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Lab 10: Strings and Overloaded Functions


  • Use for-statements
  • Code more complex decisions
  • Use functions in a program.
  • Use String variables in a program.
  • Work with resistor color codes.

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Academic Honesty

Read the Scholastic Honesty Policy and Assignment Integrity policies of the syllabus. Here are some clarifications for this particular assignment:

  • You are expected to work by yourself.
  • You must breadboard the circuits yourself.
  • You may NOT look at another student's code until you complete and submit this assignment.
  • You may get help from people if you get stuck, but only if they do not show or tell you the code to type.

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Project A: Counting Characters in a String

In this project we search a string for individual characters.


  1. Start with a new sketch and save the project using the name vowels.
  2. Write a function with the following signature:
    int countVowels(String str)
  3. The name of your function must be either countVowels() or count_vowels() with the return type and parameter type specified above.
  4. The function must return the count of all the vowels in the parameter String str.

    Vowels are the letters a, e, i, o, u and their uppercase variants.

  5. You must use do-while loops in your countVowels function to search for and count each vowel.
  6. You can use any of the String functions here:
  7. Use the trim() function to remove newline characters from a String variable.
  8. In your README.txt show the operation of your program for the following phrases and at least two original phrases, with the program name as a heading.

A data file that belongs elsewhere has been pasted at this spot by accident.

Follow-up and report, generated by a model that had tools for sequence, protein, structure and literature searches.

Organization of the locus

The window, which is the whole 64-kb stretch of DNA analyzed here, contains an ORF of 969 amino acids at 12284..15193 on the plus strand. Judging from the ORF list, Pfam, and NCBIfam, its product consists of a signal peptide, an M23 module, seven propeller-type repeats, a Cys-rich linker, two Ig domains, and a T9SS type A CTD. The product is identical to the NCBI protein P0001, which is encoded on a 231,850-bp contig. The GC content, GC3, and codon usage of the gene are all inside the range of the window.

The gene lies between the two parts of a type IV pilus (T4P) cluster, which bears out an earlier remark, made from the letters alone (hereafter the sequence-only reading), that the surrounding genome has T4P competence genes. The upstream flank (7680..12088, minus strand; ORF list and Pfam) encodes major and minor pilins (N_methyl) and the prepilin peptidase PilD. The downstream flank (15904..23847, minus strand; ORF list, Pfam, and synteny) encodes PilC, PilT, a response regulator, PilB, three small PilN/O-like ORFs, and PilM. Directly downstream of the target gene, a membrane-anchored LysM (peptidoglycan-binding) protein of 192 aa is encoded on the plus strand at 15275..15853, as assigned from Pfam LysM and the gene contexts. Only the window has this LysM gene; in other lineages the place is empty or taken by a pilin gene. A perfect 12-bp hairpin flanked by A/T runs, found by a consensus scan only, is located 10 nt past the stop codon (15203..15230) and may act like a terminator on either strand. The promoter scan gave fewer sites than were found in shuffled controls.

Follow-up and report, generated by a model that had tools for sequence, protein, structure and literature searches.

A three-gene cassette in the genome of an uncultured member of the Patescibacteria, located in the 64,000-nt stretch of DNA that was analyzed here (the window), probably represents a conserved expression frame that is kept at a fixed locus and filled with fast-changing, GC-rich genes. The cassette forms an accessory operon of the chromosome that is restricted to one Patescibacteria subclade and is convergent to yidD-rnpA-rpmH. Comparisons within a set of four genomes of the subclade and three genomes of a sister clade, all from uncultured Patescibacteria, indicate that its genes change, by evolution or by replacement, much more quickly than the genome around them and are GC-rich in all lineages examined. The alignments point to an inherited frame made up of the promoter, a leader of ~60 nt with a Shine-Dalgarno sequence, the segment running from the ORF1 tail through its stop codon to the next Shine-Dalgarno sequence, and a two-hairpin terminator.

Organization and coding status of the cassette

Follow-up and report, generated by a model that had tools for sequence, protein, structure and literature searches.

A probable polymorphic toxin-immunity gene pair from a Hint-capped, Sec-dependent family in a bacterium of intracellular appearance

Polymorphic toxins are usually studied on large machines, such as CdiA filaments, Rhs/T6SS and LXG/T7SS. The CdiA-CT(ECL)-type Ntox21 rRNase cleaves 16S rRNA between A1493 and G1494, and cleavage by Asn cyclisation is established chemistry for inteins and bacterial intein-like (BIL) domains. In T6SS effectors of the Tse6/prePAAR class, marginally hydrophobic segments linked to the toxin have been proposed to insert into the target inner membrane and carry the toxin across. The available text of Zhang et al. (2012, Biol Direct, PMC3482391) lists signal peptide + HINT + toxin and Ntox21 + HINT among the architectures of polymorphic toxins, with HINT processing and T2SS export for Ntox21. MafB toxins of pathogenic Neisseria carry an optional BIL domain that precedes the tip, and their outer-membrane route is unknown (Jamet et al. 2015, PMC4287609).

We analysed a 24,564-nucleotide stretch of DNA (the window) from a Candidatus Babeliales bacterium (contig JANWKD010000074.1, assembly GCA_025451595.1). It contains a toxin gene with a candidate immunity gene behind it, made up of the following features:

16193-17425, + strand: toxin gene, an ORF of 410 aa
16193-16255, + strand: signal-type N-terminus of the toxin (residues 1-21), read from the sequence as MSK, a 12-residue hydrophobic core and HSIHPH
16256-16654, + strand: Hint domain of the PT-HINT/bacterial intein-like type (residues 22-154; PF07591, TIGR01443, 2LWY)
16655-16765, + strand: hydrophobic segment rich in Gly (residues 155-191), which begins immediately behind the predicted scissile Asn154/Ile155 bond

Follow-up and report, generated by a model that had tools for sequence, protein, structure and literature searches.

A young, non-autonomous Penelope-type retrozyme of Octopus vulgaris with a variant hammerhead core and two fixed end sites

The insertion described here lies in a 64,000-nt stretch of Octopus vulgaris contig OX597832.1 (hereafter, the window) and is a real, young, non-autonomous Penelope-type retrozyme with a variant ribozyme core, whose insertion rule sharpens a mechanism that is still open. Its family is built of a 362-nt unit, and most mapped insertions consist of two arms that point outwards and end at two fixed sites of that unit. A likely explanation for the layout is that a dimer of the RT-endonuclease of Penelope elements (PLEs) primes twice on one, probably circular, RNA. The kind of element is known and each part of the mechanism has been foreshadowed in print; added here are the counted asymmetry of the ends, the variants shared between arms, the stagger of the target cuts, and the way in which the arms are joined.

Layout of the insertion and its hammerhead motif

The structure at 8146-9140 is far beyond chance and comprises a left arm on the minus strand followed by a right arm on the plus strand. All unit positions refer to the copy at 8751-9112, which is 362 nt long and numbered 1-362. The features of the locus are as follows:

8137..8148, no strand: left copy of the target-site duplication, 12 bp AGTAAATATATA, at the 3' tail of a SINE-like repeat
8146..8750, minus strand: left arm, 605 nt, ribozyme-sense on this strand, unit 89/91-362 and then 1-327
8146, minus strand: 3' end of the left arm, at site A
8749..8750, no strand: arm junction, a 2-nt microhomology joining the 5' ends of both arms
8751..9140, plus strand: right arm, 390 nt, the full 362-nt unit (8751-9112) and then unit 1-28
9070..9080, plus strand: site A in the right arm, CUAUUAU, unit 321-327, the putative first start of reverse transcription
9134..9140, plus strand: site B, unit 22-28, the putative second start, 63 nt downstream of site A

Mary had a little lamb.
  9. Submit your vowels.ino file as part of this assignment.

Example Output

Enter a string:
"Mary had a little lamb" contains 6 vowels.

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Project B: Absolute Value

In this project you will write two overloaded functions to compute the absolute value of an integer vs. float number.


1.  Start with a new sketch and save the sketch using the name absolute_value

2.  Start with this code in setup():

void setup() {
    int intParm = -7;
    float floatParm = 7.5; 
    cout << "Absolute value of " << intParm << " = " << absolute(intParm) << endl;
    cout << "Absolute value of " << floatParm << " = " << absolute(floatParm);
3.  You will write the definitions for two overloaded functions called absolute.  One version will take an integer paramenter,  the other will take a float parameter.  These are the prototypes for the functions:
int absolute(int parmInt);
float absolute(float parmFloat);

4.  Test your code to make sure it works properly.  The output should look like this:

Absolute value of -7 = 7
Absolute value of 7.50 = 7.50

Submit your file absolute_value.ino to Canvas with your other files for this Lab.

Extra Credit (2 pts):

Add code to absolute_value.ino to get the integer and float values from the user.  Modify the code so that the user can enter additional pairs of values to keep getting absolute values after the first two values.

Save this file as absolute_value_Extra_Credit.ino and submit to Canvas with your other files.

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Style Requirements

Remember to follow all the style rules from previous assignments, as well as the new rules we recently covered, including:

  1. Function naming conventions (See: Function Names)
  2. Indentation in functions and placement of curly braces (See: Indentation)
  3. Function comment blocks See: Function Comment Block)
  4. Use named constants instead of magic numbers (see: Limit Magic Numbers)
  5. Proper use of spaces around operators (see: Spacing Around Operators
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Grading Criteria (20pts) + Extra Credit (2pts)

Note that function headers must have the @param and @return comments filled in.

2 Parts: 

Each Part:  10 points  (Header 1pt, Function Headers 1pt, Compiles 1 pts, Proper Formatting 1 pt,  Works as Specified 6 pts)

Extra Credit:  2 points

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